August 8: After Yao was taken back into custody on August 6, Feng went to the Qianjiang PSB to inquire about him but was told that they did not know where he was. Around this same time, friends in Beijing (names unknown) also asked the Qianjiang PSB about Yao, but officers denied knowledge of his whereabouts.

(b) Other steps taken:

CHRD has reported and protested the involuntary disappearance, arbitrary detention, and torture that Mr. Yao has been subjected to by authorities for purposes of obstructing Yao’s human rights work, and to punish him for his peaceful expression and actions to promote the human right for political participation through monitoring local elections to ensure fairness and transparency. CHRD has also assisted the family to hire a lawyer for Mr. Yao.

Additional Information on the case (about arbitrary detention, torture, and persecution of a human rights defender):

Please indicate any other relevant information that has not been answered in the previous questions. If one of the mandatory elements noted (*) in this report could not be answered, please indicate why.

Yao Lifa, a rights campaigner and teacher with a vocational school education, was among China’s first independent candidates in local elections, and began competing for a seat in the local People’s Congress in 1987 and was finally elected in 1998. Since then, he has spoken out against corruption in local governance and the electoral process, and traveled around China to urge others to run for office as independent candidates and to understand their voting rights. Consequently, prior to the more recent harassment, Yao had been disappeared, detained, and mistreated dozens of times over the past two years.

 

China is conducting local People’s Congress elections this year and in 2012. It is widely believed that both public security and school authorities are concerned about the potential effects of his advising of candidates and voters, and thus have subjected him to increased harassment this year through close monitoring—he was placed under residential surveillance on February 20, 2011—and incommunicado detention. While under residential surveillance, Yao was typically taken home after work around 6 p.m. by school personnel assigned to monitor him. Prior to Mr. Yao’s recent disappearance on June 20, 2011, several restrictions were also placed on him at his workplace; for example, beginning on June 16, 2011, he was prohibited from answering his phone, sending text messages, and talking to others in his office.

 

On July 4, 2011, Yao escaped his initial incommunicado detention by jumping out a window of the Maozui Guesthouse in Maozui Town, Xiantao City, Hubei Province. In doing so, he severely injured both of his wrists and damaged vertebrae in his back. These injuries went untreated during his period of escape in Beijing, where he spent most of his time resting in bed at a friend’s home, and up until the near the end of his subsequent incommunicado detention after authorities took him back into custody on August 6, 2011.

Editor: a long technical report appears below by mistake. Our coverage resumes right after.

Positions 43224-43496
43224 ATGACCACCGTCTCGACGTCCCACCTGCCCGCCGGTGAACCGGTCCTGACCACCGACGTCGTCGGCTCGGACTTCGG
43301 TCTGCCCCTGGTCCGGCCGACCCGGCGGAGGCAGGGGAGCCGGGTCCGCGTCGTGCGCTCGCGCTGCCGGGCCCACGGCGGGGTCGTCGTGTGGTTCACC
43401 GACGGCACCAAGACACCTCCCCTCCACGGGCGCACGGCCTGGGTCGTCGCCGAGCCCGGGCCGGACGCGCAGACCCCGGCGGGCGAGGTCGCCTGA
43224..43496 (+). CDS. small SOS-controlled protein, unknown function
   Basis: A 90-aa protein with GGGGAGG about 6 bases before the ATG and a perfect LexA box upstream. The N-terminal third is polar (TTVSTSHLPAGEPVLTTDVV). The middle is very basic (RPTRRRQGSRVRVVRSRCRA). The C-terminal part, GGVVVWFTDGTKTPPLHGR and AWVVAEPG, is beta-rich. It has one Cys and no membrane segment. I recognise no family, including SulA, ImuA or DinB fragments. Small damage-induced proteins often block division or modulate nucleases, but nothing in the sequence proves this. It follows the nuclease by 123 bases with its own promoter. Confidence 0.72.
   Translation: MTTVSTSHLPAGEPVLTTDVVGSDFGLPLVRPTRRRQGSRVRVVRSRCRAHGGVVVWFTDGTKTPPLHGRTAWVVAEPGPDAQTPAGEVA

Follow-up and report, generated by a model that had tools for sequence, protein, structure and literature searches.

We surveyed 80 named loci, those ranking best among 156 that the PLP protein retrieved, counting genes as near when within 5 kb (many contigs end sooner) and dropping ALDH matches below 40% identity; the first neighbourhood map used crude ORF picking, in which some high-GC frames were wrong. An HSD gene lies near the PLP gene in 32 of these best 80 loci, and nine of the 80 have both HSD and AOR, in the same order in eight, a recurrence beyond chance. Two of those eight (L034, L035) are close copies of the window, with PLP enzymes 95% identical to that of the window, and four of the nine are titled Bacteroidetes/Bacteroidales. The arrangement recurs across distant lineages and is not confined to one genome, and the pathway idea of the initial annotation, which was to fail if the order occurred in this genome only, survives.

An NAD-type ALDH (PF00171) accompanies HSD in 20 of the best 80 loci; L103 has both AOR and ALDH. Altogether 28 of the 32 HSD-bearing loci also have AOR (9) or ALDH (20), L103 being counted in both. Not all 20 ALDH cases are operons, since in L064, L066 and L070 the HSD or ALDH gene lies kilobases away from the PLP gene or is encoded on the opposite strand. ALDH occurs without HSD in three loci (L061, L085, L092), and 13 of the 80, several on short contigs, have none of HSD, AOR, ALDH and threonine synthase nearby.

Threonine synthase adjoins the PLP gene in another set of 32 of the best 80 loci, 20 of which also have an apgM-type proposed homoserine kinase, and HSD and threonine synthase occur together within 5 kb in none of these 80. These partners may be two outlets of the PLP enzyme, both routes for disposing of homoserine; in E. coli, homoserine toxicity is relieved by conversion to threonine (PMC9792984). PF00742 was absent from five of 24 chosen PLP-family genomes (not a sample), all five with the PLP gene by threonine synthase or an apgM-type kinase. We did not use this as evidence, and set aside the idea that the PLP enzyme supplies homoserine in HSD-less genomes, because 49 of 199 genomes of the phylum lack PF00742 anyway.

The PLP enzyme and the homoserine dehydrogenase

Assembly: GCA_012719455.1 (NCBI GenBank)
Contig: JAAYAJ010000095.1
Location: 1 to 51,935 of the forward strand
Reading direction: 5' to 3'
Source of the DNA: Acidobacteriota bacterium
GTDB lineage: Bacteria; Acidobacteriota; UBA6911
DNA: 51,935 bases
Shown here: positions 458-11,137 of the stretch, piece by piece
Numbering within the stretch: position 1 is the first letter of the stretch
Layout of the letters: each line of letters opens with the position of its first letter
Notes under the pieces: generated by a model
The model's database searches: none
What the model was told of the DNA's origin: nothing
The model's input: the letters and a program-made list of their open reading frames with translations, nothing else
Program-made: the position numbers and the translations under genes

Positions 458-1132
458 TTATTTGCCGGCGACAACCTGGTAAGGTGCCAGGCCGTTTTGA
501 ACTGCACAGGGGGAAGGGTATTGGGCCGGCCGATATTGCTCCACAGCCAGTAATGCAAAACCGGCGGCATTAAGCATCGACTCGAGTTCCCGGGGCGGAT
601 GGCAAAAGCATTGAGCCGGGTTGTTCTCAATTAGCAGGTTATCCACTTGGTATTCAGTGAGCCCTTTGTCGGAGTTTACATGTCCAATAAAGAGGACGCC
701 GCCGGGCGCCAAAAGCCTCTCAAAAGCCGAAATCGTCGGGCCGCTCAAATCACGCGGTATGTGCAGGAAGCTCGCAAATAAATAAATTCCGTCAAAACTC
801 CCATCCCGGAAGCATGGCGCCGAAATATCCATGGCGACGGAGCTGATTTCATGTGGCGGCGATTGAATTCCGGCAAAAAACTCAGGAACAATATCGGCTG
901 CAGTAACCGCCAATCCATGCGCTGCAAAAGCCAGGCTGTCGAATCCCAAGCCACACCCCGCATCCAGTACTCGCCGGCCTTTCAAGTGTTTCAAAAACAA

After being returned to Qianjiang, Yao was first held in incommunicado detention at the Xidayuan Farm and then at the #57 Oil Field State Enterprise’s CPC Party School under the supervision of authorities from his school and other instructors from Qianjiang. From August 7 to 30, 2011, he was held in a room with very unsanitary conditions and a surveillance camera, and was not allowed to watch television or read and was not given adequate nutrition. In the early morning of September 2, Yao felt severe abdominal pain and was rushed to a hospital under a false name to receive treatment. After the pain subsided the next day, he was taken back to the Party school and held until the evening of September 4, when he was taken home. His monitors confiscated all the medical photographs taken at the hospital as well as the medications he was provided. Yao lost more than 10 kilograms during this month-long incommunicado detention.

 

On the morning of September 5, 2011, Yao was taken away again by school instructors and other personnel or officials from Qianjiang as he was preparing to go with his wife to the hospital for a physical examination. Since then, he has been held in an undisclosed location during the daytime and driven back home late at night, with monitors stationed outside his home.

 

Due to Yao’s activism, many of his friends and family members also have been subjected to monitoring, harassment, and other violations of their rights, particularly since he first disappeared on June 20, 2011. Mr. Yao’s elder sister has indicated that all of their relatives and friends have been investigated by police and have had records filed about them. Mr. Yao’s wife, Feng Ling, who is caring for the couple’s two-year-old child, has been under extraordinary stress due to frequent acts of harassment and various rights violations, including constant monitoring, restriction of her freedom of movement, and five reported searches of their home since June 20. Authorities have also installed surveillance cameras inside the residence, and her electricity and water have occasionally been cut off.